Anesthesia: Before the surgery, anaesthesia is administered to ensure the patient’s comfort. It can be either local anaesthesia or regional anaesthesia.
Incision and arthroscope insertion: The surgeon makes small incisions around the knee joint and inserts the arthroscope. The arthroscope allows the surgeon to see the structures inside the knee on a monitor.
Evaluation and meniscal repair: The surgeon assesses the torn meniscus and determines if a repair is feasible based on several factors, including the location, size, and pattern of the tear. If repair is deemed appropriate, the torn edges of the meniscus are carefully repositioned and secured using various techniques, such as sutures, anchors, or other devices. The goal is to facilitate healing and restore the meniscus to its normal function.
Closure and recovery: After completing the meniscal repair, the instruments and arthroscope are removed, and the incisions are closed with sutures or adhesive strips. Sterile dressings or bandages are applied to the incision sites. The patient is typically monitored for a short period before being discharged, and post-operative instructions for pain management, rehabilitation exercises, and recovery are provided.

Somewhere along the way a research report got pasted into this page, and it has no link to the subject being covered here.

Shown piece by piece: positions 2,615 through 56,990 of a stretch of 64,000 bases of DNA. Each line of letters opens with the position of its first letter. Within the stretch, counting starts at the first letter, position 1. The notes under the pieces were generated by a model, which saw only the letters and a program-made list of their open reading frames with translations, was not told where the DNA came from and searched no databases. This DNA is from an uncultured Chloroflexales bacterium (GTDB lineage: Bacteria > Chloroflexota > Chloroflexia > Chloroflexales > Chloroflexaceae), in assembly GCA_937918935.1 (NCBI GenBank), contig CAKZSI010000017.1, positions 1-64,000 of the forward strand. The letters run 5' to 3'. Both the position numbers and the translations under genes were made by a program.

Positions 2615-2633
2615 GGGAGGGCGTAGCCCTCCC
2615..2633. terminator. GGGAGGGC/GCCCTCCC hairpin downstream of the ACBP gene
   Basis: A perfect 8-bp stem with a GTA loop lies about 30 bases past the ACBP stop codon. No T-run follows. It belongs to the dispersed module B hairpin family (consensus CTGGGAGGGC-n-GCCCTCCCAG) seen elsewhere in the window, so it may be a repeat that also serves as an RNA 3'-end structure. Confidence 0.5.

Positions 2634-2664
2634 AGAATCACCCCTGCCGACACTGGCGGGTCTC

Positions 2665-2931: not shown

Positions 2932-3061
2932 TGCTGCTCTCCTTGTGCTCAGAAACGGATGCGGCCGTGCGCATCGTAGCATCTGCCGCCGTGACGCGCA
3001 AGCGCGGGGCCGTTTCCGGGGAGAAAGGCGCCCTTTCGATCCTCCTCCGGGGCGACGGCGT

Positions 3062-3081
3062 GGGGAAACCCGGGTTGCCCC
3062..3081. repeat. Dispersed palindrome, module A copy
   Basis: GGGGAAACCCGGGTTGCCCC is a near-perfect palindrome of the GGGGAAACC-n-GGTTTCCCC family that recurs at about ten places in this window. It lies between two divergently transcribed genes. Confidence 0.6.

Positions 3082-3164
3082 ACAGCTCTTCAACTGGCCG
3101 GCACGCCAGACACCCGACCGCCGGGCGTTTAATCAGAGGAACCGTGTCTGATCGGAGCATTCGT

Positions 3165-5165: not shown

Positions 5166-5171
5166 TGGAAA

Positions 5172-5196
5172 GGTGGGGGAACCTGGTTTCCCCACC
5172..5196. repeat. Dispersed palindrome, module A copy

The recovery time following arthroscopic meniscal repair can vary depending on the individual, the extent of the procedure, and the specific characteristics of the tear. Rehabilitation is a crucial part of the recovery process, and physical therapy exercises are often prescribed to aid in regaining strength, stability, and full range of motion in the knee. It’s important to follow the surgeon’s instructions for rehabilitation and activity limitations during the recovery period. You will be provided with a knee brace that limits the range of movement and provides support to promote satisfactory healing of the repaired meniscus.